Monday, August 15, 2011

What Teachers Want from their Administrators

Maybe I'm presumptuous to imply in this title that I speak for all teachers.  Let me know if you agree.

As many teachers prepare to greet their students on the first day of school, and others enter their buildings for the first time since last spring I would like to offer this open letter of sorts to all of our administrators explaining what we would like from you this year. If any administrators out there are reading, we'd be glad to have your input on this list, and perhaps even your wishlist for teachers.

1) Give us time to work. Professional development and school improvement meetings are important, but when teachers are preparing for a new school year our primary concern is quite immediate and practical: "When students walk into my room for the first time, will I be ready to engage them?" Until this basic teacher need is met, nothing else matters. It's like a hungry child sitting in a classroom. He/she isn't going to learn a thing as long as the focus is an empty belly. The best professional development in the world won't mean a thing to teachers who don't even feel prepared to face the first day.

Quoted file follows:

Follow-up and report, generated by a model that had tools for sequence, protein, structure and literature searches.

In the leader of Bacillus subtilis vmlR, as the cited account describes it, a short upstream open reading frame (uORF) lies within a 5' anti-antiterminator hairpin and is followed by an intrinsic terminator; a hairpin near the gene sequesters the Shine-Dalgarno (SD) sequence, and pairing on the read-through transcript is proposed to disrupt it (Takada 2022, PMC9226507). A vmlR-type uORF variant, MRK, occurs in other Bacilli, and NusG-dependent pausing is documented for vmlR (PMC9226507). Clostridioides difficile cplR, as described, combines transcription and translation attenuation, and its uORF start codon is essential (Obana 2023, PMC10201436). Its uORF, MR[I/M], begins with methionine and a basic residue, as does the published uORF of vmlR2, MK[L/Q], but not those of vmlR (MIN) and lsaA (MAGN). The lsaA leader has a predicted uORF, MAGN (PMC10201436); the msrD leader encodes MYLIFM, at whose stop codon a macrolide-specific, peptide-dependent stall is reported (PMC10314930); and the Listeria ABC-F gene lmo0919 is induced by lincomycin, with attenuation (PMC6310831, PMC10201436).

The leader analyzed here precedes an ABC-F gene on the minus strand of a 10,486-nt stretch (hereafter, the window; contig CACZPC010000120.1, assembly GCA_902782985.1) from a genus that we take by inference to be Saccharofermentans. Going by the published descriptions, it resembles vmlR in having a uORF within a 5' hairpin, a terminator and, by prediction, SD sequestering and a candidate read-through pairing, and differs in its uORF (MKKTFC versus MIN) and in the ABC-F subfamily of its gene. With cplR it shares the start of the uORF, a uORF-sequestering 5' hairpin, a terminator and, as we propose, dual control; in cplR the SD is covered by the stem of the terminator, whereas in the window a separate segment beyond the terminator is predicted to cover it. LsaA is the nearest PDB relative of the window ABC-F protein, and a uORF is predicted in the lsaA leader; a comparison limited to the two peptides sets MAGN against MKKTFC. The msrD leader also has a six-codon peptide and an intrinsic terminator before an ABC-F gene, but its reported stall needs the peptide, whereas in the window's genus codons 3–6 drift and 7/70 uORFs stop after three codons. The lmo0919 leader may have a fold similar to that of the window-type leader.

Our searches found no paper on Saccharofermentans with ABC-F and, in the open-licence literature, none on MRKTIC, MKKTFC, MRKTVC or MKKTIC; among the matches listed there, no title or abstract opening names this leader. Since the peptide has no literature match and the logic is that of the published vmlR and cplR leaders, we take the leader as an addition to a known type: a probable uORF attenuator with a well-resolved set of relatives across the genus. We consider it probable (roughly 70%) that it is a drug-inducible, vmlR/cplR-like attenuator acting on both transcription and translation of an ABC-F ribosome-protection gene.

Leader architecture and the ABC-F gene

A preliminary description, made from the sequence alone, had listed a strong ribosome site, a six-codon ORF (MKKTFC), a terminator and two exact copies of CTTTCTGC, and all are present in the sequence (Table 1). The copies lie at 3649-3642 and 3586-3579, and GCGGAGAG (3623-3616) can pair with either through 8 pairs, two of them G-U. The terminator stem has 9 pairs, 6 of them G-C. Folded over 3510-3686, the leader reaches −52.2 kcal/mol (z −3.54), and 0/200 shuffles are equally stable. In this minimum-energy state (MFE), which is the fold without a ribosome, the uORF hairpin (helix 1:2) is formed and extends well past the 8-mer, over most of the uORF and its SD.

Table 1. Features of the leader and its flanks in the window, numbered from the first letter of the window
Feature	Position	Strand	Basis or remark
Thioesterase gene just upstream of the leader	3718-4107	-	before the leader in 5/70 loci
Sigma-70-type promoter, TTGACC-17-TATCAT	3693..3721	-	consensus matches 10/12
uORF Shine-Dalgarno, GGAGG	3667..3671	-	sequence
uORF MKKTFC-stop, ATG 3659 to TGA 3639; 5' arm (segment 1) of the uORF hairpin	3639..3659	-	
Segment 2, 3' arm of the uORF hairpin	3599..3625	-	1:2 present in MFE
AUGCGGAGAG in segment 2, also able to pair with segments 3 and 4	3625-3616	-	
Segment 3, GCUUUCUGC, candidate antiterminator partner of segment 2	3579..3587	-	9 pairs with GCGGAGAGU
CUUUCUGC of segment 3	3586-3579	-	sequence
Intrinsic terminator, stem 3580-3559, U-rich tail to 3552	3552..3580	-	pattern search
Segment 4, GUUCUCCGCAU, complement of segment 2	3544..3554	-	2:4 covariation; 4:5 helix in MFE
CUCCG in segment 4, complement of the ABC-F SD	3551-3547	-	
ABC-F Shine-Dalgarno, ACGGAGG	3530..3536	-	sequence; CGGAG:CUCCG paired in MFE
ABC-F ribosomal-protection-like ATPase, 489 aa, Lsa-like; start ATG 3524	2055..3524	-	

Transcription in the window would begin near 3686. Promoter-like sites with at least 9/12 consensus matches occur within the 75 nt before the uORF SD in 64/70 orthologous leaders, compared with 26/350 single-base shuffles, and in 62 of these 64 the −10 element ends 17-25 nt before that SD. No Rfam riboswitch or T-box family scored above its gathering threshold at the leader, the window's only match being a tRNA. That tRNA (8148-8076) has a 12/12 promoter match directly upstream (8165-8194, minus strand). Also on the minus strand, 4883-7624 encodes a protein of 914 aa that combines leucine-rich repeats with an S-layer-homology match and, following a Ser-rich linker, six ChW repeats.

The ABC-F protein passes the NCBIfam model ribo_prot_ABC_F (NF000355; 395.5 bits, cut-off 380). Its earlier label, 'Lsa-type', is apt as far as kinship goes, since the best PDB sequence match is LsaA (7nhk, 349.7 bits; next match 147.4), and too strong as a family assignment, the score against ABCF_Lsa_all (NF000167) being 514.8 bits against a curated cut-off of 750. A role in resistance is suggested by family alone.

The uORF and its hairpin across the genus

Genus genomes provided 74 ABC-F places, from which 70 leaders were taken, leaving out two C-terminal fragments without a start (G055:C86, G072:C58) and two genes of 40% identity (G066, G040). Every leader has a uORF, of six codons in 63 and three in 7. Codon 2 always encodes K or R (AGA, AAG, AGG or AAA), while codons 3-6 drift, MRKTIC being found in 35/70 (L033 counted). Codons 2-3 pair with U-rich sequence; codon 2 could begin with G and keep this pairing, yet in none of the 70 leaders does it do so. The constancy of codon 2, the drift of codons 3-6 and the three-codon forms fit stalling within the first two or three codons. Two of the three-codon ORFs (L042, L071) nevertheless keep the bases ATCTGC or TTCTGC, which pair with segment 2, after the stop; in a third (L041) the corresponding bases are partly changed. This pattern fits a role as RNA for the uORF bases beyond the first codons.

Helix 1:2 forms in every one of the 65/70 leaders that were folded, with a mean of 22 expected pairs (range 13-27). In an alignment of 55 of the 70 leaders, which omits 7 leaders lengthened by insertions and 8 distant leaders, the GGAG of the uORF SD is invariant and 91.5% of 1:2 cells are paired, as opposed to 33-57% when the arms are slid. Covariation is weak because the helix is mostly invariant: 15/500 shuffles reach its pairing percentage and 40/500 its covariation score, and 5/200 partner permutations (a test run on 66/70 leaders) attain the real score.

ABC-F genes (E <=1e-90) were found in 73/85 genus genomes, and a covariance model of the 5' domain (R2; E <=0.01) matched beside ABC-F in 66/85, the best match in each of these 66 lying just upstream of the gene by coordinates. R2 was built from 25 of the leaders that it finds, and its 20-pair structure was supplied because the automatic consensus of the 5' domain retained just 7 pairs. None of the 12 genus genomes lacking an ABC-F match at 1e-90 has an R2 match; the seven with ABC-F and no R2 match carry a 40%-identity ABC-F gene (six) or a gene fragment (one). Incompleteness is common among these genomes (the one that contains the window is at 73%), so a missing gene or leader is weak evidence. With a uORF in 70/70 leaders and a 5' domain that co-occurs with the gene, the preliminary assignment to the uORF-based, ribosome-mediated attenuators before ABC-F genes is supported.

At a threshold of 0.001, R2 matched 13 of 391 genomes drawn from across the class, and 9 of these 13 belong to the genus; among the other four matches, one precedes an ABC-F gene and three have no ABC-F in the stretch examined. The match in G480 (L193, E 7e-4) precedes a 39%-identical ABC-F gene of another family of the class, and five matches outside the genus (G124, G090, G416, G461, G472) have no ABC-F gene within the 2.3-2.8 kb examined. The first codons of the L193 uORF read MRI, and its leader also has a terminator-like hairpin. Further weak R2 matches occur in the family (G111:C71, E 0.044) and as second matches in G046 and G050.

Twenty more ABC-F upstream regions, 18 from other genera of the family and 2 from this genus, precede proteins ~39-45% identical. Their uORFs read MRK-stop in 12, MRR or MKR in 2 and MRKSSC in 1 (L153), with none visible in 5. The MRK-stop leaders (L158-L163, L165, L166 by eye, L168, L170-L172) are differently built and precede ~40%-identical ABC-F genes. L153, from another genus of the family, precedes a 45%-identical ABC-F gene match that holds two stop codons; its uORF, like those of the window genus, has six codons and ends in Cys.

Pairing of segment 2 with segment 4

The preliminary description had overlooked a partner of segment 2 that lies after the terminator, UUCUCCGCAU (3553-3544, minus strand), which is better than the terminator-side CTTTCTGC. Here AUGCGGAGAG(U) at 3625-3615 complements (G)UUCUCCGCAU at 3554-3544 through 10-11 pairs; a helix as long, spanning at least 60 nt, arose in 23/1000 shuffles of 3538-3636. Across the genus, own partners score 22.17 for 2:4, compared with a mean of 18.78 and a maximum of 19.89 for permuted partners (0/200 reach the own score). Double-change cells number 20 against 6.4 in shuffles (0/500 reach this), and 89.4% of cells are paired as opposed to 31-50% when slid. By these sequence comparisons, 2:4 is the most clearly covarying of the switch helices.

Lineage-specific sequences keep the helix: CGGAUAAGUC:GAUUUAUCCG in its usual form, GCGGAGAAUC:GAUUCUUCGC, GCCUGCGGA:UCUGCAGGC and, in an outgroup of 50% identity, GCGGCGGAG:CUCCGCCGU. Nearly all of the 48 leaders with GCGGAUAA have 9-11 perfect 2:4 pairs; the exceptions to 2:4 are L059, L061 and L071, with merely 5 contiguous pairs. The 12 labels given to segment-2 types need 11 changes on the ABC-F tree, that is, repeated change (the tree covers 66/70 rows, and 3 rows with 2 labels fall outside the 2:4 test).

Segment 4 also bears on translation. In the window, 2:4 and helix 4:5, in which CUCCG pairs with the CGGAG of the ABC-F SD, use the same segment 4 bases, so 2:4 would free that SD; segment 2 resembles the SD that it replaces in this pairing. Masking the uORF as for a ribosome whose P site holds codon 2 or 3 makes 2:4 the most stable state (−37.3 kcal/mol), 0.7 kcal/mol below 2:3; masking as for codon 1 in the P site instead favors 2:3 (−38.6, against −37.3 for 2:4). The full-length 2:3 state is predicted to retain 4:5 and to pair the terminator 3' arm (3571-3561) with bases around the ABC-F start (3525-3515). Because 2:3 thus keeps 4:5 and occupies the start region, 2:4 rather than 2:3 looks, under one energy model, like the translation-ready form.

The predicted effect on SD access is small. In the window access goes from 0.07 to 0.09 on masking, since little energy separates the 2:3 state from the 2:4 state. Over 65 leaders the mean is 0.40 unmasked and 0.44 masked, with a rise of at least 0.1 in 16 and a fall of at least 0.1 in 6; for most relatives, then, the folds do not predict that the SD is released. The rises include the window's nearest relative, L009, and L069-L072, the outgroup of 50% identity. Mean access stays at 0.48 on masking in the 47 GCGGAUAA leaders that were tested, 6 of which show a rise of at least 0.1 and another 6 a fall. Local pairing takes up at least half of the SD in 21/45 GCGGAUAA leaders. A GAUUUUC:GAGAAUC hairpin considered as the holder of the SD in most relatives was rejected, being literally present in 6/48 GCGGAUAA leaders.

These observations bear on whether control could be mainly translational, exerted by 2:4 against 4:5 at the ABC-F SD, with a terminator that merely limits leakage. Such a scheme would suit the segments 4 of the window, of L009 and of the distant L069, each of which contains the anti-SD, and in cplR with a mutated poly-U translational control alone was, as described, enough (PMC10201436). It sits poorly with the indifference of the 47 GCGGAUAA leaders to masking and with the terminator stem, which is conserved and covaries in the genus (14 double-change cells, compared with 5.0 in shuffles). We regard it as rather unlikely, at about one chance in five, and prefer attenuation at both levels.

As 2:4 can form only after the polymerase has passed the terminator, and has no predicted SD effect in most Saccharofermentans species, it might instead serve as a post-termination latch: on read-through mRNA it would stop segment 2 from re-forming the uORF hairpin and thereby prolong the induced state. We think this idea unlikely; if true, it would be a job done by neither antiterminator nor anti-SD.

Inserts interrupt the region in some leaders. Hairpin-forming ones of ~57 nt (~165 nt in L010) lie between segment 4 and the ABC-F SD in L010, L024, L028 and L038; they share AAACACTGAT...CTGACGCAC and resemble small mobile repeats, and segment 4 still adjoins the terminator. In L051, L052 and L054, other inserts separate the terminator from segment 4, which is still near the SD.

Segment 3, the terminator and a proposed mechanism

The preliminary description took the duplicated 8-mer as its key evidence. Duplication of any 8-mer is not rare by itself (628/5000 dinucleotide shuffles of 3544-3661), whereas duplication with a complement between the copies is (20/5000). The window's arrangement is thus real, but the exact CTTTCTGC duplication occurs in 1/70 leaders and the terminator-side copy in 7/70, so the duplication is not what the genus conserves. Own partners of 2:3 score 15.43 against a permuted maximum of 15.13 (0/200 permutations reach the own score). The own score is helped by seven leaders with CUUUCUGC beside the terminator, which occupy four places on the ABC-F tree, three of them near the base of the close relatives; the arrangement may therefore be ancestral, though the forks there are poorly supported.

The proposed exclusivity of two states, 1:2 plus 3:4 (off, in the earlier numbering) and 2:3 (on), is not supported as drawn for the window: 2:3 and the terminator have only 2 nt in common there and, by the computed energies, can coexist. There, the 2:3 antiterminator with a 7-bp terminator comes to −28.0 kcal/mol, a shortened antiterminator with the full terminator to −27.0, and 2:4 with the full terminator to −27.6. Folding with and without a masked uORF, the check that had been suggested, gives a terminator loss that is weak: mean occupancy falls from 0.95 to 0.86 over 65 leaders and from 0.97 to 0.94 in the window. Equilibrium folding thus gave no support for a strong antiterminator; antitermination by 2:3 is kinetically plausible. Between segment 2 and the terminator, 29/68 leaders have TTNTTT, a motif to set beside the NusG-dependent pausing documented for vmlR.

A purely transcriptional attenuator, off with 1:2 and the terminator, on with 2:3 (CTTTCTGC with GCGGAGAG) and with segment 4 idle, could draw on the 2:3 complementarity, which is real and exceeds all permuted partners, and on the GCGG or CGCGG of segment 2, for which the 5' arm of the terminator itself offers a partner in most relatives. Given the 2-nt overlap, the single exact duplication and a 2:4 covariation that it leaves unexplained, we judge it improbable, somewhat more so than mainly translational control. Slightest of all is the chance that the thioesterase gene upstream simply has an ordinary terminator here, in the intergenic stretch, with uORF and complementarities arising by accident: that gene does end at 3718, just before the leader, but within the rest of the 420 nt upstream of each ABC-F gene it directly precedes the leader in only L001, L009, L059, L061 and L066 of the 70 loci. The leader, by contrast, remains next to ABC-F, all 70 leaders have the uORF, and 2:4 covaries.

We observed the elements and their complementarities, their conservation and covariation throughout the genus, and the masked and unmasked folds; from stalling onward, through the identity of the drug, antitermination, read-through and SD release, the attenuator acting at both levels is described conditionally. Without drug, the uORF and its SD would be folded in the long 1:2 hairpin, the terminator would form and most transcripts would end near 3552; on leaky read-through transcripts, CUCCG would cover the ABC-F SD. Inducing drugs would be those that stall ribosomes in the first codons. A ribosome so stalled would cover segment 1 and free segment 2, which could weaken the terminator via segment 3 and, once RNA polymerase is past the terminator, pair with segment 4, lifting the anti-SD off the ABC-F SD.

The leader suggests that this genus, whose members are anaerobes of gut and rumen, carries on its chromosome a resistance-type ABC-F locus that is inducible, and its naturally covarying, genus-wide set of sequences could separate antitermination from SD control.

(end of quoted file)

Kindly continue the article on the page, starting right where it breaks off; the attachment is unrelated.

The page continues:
2) Focus on your immediate responsibility. My primary responsibility is the classroom. If writing for Teaching Underground interferes with that responsibility I should either quit writing and focus on my teaching, or quit teaching and become a professional writer. I don't care how badly you want to become the head principal, superintendent, or something bigger, don't neglect your job for it. The classroom is my responsibility. If your responsibility is a department, a building, or a division, don't short-change it by focusing on your long-term career goals.

3) If you don't agree with it, say so, and do something about it. I do what is best for my classroom. That involves compromise, and sometimes doing things that I am told just because I am told, but not speaking up is professionally irresponsible. Whether you're dealing with teachers who are out of line, or district level administrators that you disagree with-- do something about it.